On Golden Pond Reviews
The most cinematic things about "On Golden Pond", and possibly it's best assets, are the score and cinematography. The beauty of the opening sequence can't be put into words. It was like a moving painting with soothing, beautiful classical music to accompany the mood. "On Golden Pond" is simply filled with beauty and naturalism- and no film can wrong with that. Near perfection.
Yes it's flawed. Yes it's simplistic to the point of being cliche at times. But it endures despite it's flaws. Many good movies are flawed as this is. It doesn't relish in it's conflicts and while most consider this a flaw I consider it a positive. I prefer more subtle films anyways; I don't care what exactly is the issue between father and daughter. Sex abuse? Physical violence? Mental abuse? Adding more of that wouldn't make the picture any better for me, and it would preclude my kids from seeing it.
Which by the way my animated loving 7 and 9 year olds, while griping at first, we're drawn into this film once it got going and the shorter run time made it a good time. Wait, almost 2 hours is a short run time? I guess time flies while your enjoying yourself.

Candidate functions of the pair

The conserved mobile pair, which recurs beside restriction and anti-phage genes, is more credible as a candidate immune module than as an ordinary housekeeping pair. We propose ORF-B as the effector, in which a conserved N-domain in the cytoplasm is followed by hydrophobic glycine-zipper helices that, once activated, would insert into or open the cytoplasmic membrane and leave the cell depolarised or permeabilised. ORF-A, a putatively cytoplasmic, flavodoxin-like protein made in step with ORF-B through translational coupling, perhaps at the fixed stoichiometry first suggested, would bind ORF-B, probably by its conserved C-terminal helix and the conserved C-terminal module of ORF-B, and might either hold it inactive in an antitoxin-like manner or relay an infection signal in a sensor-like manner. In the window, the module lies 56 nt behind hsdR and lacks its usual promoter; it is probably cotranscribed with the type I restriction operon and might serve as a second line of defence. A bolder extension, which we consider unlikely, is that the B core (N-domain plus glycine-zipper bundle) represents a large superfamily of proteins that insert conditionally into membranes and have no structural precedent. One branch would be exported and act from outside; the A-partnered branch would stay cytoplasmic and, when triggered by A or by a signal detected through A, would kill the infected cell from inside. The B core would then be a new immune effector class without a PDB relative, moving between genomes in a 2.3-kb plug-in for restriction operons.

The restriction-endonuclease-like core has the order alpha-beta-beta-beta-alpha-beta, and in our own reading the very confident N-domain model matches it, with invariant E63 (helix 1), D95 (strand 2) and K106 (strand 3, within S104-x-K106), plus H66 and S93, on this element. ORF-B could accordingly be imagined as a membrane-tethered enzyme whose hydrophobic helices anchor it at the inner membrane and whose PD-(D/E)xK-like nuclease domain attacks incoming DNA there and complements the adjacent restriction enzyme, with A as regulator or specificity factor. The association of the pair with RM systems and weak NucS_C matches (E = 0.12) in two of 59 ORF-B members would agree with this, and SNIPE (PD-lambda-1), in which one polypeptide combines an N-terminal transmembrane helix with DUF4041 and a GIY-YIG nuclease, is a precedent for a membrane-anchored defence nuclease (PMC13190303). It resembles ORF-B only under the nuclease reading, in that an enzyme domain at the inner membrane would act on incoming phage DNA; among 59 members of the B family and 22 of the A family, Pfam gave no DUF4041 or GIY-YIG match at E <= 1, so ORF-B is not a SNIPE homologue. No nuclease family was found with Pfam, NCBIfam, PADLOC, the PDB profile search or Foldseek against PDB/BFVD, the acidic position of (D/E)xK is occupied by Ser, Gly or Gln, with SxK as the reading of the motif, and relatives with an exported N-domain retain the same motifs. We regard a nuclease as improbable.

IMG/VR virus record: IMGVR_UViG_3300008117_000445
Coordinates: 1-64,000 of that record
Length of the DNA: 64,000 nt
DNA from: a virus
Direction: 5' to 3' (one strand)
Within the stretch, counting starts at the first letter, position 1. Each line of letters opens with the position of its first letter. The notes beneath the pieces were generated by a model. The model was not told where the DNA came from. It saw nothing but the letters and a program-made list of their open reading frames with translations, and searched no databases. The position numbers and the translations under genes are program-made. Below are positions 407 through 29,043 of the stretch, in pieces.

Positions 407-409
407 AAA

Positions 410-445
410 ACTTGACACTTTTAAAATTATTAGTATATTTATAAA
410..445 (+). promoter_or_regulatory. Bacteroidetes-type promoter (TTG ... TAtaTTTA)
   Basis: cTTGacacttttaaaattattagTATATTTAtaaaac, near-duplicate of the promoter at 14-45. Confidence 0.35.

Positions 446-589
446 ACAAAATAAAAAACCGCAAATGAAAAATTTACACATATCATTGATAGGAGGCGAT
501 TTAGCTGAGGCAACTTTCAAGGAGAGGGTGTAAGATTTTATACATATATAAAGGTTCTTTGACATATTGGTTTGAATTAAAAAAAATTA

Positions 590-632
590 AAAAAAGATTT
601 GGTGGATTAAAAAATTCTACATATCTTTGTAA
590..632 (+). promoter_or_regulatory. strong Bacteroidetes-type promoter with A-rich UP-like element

To those critics that say this story is too sweet; um, it's a story about death and preparing to die. This film gracefully is full of substance if you're the type that doesn't need to be bashed over the head with it to get it. The world needs more films like this that rely on strength of substance than on plot device; that are relatable in a real way and honest enough to allow the relation to happen; that have real-world value and are accessible enough for it to be a benefit to the real-world.
This is probably the nicest, sweetest, most wholesome film about death ever. The primary conflict, Norman's fear of death and his unfinished business, is treated with such a light-heartedness that the film takes on a dreamy pastoral quality. By itself, the film could be charming, able to deliver insight about going into the night with a smirk rather than a frown, but the film's conflict is complicated with the entrance of Norman's daughter. I understand that the conflict between Henry and Jane Fonda informs the film's contemporary interpretation, but as it plays today, there needs to be more setup than Chelsea's weeping into her mother's arms about Norman's placidity.
The film's highlights are the performances. Even Jane Fonda is exceptional, and Katharine Hepburn plays the ideal, strong-willed grandmother, a woman all of us should want guiding our lives. Henry Fonda's Oscar win was deserved.
Overall, it's hard to imagine so many ducks and landscape shots in a film about the inevitability of death, but at times, not often, On Golden Pond pulls it off.